Berkeley City Council approved all Berkeley Police Department mutual aid agreements with military, law enforcement and private security entities at a Tuesday meeting.
Mutual aid agreements, which detail the exchange of information and services between agencies, are renewed annually. BPD renewed previous agreements with the Alameda County District Attorney’s Office; Child Abuse Listening, Interviewing and Coordination, and Bay Area Women Against Rape, which had expired since the last council meeting to review mutual aid agreements. The council also amended an agreement with UCPD and added partnerships with the Los Angeles County Sheriff’s Department and the California Sex and Arson Registry.
Additionally, the council renewed an agreement with the Northern California Regional Intelligence Center, or NCRIC, an organization that collects and shares data among federal, state and local public safety agencies. In passing the agreement, the council stipulated that the city manager, BPD and the Police Review Commission review general order N-17, which would be put to a vote in the first quarter of 2015. N-17 is a directive governing police conduct in filing suspicious activity reports, known as SARs.
Councilmember Jesse Arreguin made the motion — which failed to pass — to postpone the vote on the renewal of the NCRIC agreement due to concerns that a SAR was submitted to NCRIC on the basis of an individual’s speech.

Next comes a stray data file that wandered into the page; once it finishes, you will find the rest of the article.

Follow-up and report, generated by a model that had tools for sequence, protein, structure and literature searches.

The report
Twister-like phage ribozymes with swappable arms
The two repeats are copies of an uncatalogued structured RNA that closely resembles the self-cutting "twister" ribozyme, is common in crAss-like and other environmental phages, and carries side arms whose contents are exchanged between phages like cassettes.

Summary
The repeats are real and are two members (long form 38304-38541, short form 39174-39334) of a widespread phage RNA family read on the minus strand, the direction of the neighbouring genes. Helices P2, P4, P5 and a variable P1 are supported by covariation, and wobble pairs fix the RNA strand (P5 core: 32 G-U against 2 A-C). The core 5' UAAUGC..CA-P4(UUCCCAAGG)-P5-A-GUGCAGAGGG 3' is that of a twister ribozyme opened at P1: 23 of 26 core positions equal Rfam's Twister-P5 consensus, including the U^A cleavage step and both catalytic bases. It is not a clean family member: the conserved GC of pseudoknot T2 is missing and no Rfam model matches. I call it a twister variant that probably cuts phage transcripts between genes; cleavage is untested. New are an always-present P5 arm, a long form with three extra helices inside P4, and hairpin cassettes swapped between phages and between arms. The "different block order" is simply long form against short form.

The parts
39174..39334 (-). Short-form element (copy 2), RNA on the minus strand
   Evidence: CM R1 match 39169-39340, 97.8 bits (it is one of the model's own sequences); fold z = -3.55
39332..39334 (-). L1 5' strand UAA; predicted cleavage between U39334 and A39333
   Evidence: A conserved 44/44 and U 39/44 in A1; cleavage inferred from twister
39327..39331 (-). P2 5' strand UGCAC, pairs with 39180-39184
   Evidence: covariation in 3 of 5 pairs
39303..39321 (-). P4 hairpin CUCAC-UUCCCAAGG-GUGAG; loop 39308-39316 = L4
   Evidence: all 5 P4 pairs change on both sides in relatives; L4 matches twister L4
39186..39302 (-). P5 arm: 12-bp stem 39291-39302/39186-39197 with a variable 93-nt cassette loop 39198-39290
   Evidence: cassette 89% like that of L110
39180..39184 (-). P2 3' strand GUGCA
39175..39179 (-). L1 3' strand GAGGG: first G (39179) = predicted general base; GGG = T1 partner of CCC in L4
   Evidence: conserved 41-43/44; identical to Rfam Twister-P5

“I fundamentally think one solution may be to amend the general order that speech itself is not a criminal predicate,” Arreguin said at the meeting. “I think it’s important to sever out NCRIC until we can have more discussion about how we can address this issue on a policy level.”
During public comment, George Lippman, vice chair of Berkeley’s Peace and Justice Commission, discussed a February report, saying the SAR was filed based on a person’s speech. In the SAR, BPD reported to NCRIC that a man pulled over for violating a vehicle code used language consistent with an anti-government movement.
Lippman said this type of report violates a federal regulation that states that police departments, intelligence agencies and other such entities cannot collect criminal intelligence information about a person or group’s views unless the information directly relates to criminal activity and there is “reasonable suspicion” that the person or group is involved in criminal activity.
According to Lippman, this SAR also violates a 2012 Police Review Commission recommendation that SARs be limited to groups and individuals that have been charged with a crime, excluding those who have committed a “nonviolent civil-disobedience offense.”
“To come down on someone for what they believe is a dangerous step in the wrong direction,” said Councilmember Max Anderson at the meeting.
Public commenters also asked that the council not renew BPD’s agreement with the Department of Homeland Security’s Bay Area Urban Area Security Initiative, which provides training and equipment to local law enforcement agencies.
Despite the controversy, the council approved agreements in a 5-1 vote, with two abstentions. Councilmember Linda Maio was not present at the meeting.
Staff writer Robert Tooke contributed reporting.